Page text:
Remember in the past when I’ve said that the included stands don’t do anything for me? Well they’ve gotten rid of them in this wave. For the most part, I don’t miss them… But ol’ Paul comes with nothing but his robe.
At $15, he feels pretty empty. I’m guessing the Legends are a bit like DCUC in which one guy in the wave will get shorted on accessories while others will get a lot. The robe is nice, but it’s not much accessory wise. I would have LOVED the handheld mirror that Orndorff used in WCW for the latter part of his run.
Hopefully we get a WCW Orndorff in pink tights with his little coat. Have him include his mirror and it’d be something that Jakks never gave us. I could even dig an Orndorff in orange or maybe his old OP tights. I’m down for a couple of Pauls, so long as they give him some more accessories to work with. Maybe include some flip flops for his eventual encounter with Vader?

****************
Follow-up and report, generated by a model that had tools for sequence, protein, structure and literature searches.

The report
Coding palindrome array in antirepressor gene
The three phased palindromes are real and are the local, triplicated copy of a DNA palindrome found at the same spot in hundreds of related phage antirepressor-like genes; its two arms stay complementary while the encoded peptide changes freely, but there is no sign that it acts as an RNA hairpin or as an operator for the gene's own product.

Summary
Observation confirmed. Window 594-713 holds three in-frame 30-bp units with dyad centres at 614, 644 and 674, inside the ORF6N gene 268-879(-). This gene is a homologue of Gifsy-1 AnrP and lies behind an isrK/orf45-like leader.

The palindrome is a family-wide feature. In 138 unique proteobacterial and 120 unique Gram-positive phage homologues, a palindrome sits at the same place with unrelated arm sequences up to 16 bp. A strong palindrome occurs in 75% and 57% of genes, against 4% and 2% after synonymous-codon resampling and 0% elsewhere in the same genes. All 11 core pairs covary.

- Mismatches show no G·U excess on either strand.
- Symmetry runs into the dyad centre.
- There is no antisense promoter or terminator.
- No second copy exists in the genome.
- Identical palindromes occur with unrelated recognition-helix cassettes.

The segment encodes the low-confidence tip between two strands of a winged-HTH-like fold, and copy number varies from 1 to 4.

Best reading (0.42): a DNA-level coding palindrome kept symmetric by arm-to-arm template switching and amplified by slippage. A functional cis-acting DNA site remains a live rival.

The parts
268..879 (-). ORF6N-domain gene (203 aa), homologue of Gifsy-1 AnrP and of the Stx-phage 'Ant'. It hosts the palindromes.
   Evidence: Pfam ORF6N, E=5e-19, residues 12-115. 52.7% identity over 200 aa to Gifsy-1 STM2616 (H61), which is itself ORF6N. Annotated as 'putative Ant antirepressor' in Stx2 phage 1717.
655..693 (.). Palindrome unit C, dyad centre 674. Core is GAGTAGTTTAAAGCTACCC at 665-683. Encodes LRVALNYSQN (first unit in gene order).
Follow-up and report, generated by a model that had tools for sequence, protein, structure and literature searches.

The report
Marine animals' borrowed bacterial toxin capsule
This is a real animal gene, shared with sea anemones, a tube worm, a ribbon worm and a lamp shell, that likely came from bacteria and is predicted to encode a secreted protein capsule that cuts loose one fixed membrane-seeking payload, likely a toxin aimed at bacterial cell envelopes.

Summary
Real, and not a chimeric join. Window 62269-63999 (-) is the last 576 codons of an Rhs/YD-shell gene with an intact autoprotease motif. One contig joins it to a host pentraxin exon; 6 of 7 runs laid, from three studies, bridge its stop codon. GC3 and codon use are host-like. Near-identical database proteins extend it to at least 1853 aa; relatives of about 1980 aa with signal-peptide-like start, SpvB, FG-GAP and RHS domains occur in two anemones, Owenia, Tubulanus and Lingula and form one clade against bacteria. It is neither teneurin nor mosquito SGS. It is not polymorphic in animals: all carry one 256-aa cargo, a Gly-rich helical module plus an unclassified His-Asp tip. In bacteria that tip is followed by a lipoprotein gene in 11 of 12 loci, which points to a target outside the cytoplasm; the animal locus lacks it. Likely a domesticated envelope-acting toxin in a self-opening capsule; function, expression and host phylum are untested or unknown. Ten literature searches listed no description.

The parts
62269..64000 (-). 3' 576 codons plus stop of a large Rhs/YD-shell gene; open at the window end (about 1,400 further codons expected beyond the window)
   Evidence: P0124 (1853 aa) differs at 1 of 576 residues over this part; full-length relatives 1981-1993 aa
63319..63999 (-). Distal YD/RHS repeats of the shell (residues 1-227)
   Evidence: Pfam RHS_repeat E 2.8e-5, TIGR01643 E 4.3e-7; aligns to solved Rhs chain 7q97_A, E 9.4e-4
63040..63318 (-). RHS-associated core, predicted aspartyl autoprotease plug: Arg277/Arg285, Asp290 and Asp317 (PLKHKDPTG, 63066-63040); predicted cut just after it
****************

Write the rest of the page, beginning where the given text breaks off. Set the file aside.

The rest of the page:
Paul Orndorff is a good figure and a great Mr. Wonderful. My concern is that with the lack of accessories and the lack of respect that a guy like Orndorff gets these days, that he may not be a popular seller. The good thing that Paul has going for him though is that he’s great custom fodder. It’s sort of like when Paul worked at the Power Plant… He’s creating new wrestlers… BUT IN A WHOLE NEW WAY!
Packaging – 8
Sculpting – 8
Articulation – 8
Accessories – Robe
Value – 7
Overall – 8 out of 10
“WONDERFUL… They call him Mr. Wonderful! You know he is so wonderful… WONDERFUL! They call him Mr. Wonderful!”
If you’re an old school fan like me, Mr. Wonderful is a great figure. He fits in several eras. He can be there in the birth of the rock’n’wrestling days or he can be in the early 1990’s era. No matter what era you’re a fan of, this figure is downright, wonderful.
I love that theme…